Jung KH, Haam KK, Park S, Kim Y, Lee SR, Lee G, et al
. The standardized herbal formula, PM014, ameliorated cigarette smoke-induced lung inflammation in a murine model of chronic obstructive pulmonary disease. BMC Complement Altern Med 2013;13:219.
Jung KH, Choi HL, Park S, Lee G, Kim M, Min JK, et al
. The effects of the standardized herbal formula PM014 on pulmonary inflammation and airway responsiveness in a murine model of cockroach allergen-induced asthma. J Ethnopharmacol 2014;155:113-22.
Kim JY, Shin D, Lee G, Kim JM, Kim D, An YM, et al
. Standardized Herbal Formula PM014 Inhibits Radiation-Induced Pulmonary Inflammation in Mice. Sci Rep 2017;7:45001.
Epaud R, Aubey F, Xu J, Chaker Z, Clemessy M, Dautin A, et al
. Knockout of insulin-like growth factor-1 receptor impairs distal lung morphogenesis. PLoS One 2012;7:e48071.
Leberl M, Kratzer A, Taraseviciene-Stewart L. Tobacco smoke induced COPD/emphysema in the animal model-are we all on the same page? Front Physiol 2013;4:91.
Decramer M, Janssens W, Miravitlles M. Chronic obstructive pulmonary disease. Lancet 2012;379:1341-51.
Pauwels NS, Bracke KR, Dupont LL, Van Pottelberge GR, Provoost S, Vanden Berghe T, et al
. Role of IL-1α and the Nlrp3/caspase-1/IL-1β axis in cigarette smoke-induced pulmonary inflammation and COPD. Eur Respir J 2011;38:1019-28.
Balamayooran G, Batra S, Cai S, Mei J, Worthen GS, Penn AL, et al
. Role of CXCL5 in leukocyte recruitment to the lungs during secondhand smoke exposure. Am J Respir Cell Mol Biol 2012;47:104-11.
Lee E, Yun N, Jang YP, Kim J. Lilium lancifolium
Thunb. extract attenuates pulmonary inflammation and air space enlargement in a cigarette smoke-exposed mouse model. J Ethnopharmacol 2013;149:148-56.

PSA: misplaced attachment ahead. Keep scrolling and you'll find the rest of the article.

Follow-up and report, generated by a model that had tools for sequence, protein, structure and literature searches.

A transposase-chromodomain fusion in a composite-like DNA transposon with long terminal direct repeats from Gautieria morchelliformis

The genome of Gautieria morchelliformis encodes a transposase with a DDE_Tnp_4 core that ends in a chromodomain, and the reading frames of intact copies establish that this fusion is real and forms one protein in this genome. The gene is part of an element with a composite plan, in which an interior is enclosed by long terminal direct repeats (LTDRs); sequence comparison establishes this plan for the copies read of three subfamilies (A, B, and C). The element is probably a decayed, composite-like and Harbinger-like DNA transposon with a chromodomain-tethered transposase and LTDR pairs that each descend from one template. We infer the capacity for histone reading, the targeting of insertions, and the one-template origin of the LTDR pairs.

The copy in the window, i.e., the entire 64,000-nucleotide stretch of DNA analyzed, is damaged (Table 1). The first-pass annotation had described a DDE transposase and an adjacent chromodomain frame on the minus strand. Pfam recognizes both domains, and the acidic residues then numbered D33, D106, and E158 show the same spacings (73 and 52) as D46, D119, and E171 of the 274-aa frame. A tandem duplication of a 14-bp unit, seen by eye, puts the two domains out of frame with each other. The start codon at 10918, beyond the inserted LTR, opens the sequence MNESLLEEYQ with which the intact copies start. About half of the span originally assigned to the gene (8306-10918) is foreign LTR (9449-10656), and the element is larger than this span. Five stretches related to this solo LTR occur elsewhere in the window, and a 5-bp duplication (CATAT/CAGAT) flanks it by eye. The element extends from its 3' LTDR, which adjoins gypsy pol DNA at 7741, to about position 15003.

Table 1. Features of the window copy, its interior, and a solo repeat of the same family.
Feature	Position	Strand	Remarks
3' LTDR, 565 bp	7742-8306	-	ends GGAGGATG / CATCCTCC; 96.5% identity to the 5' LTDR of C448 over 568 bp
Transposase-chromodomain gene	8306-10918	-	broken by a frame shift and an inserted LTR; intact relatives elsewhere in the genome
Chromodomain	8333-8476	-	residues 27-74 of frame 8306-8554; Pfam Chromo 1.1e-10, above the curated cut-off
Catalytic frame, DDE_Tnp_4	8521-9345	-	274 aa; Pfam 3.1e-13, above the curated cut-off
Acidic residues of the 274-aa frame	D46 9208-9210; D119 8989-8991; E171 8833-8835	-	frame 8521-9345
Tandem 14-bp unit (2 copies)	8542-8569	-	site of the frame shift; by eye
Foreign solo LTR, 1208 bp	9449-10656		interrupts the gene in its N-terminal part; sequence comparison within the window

Callahan CM, Dittus RS, Katz BP. Oral corticosteroid therapy for patients with stable chronic obstructive pulmonary disease. A meta-analysis. Ann Intern Med 1991;114:216-23.
Standards for the diagnosis and care of patients with chronic obstructive pulmonary disease. American Thoracic Society. Am J Respir Crit Care Med 1995;152:S77-121.
Walters JA, Walters EH, Wood-Baker R. Oral corticosteroids for stable chronic obstructive pulmonary disease. Cochrane Database Syst Rev 2005;20:CD005374.
Horita N, Miyazawa N, Morita S, Kojima R, Inoue M, Ishigatsubo Y, et al
. Evidence suggesting that oral corticosteroids increase mortality in stable chronic obstructive pulmonary disease. Respir Res 2014;15:37.
Vogelmeier CF, Criner GJ, Martinez FJ, Anzueto A, Barnes PJ, Bourbeau J, et al
. Global strategy for the diagnosis, management, and prevention of chronic obstructive lung disease 2017 report. GOLD Executive Summary. Am J Respir Crit Care Med 2017;195:557-82.
Basyigit I, Sahin M, Sahin D, Yildiz F, Boyaci H, Sirvanci S, et al
. Anti-inflammatory effects of montelukast on smoke-induced lung injury in rats. Multidiscip Respir Med 2010;5:92-8.
Abdel Kawy HS. Montelukast versus dexamethasone treatment in a guinea pig model of chronic pulmonary neutrophilic inflammation. COPD 2016;13:455-63.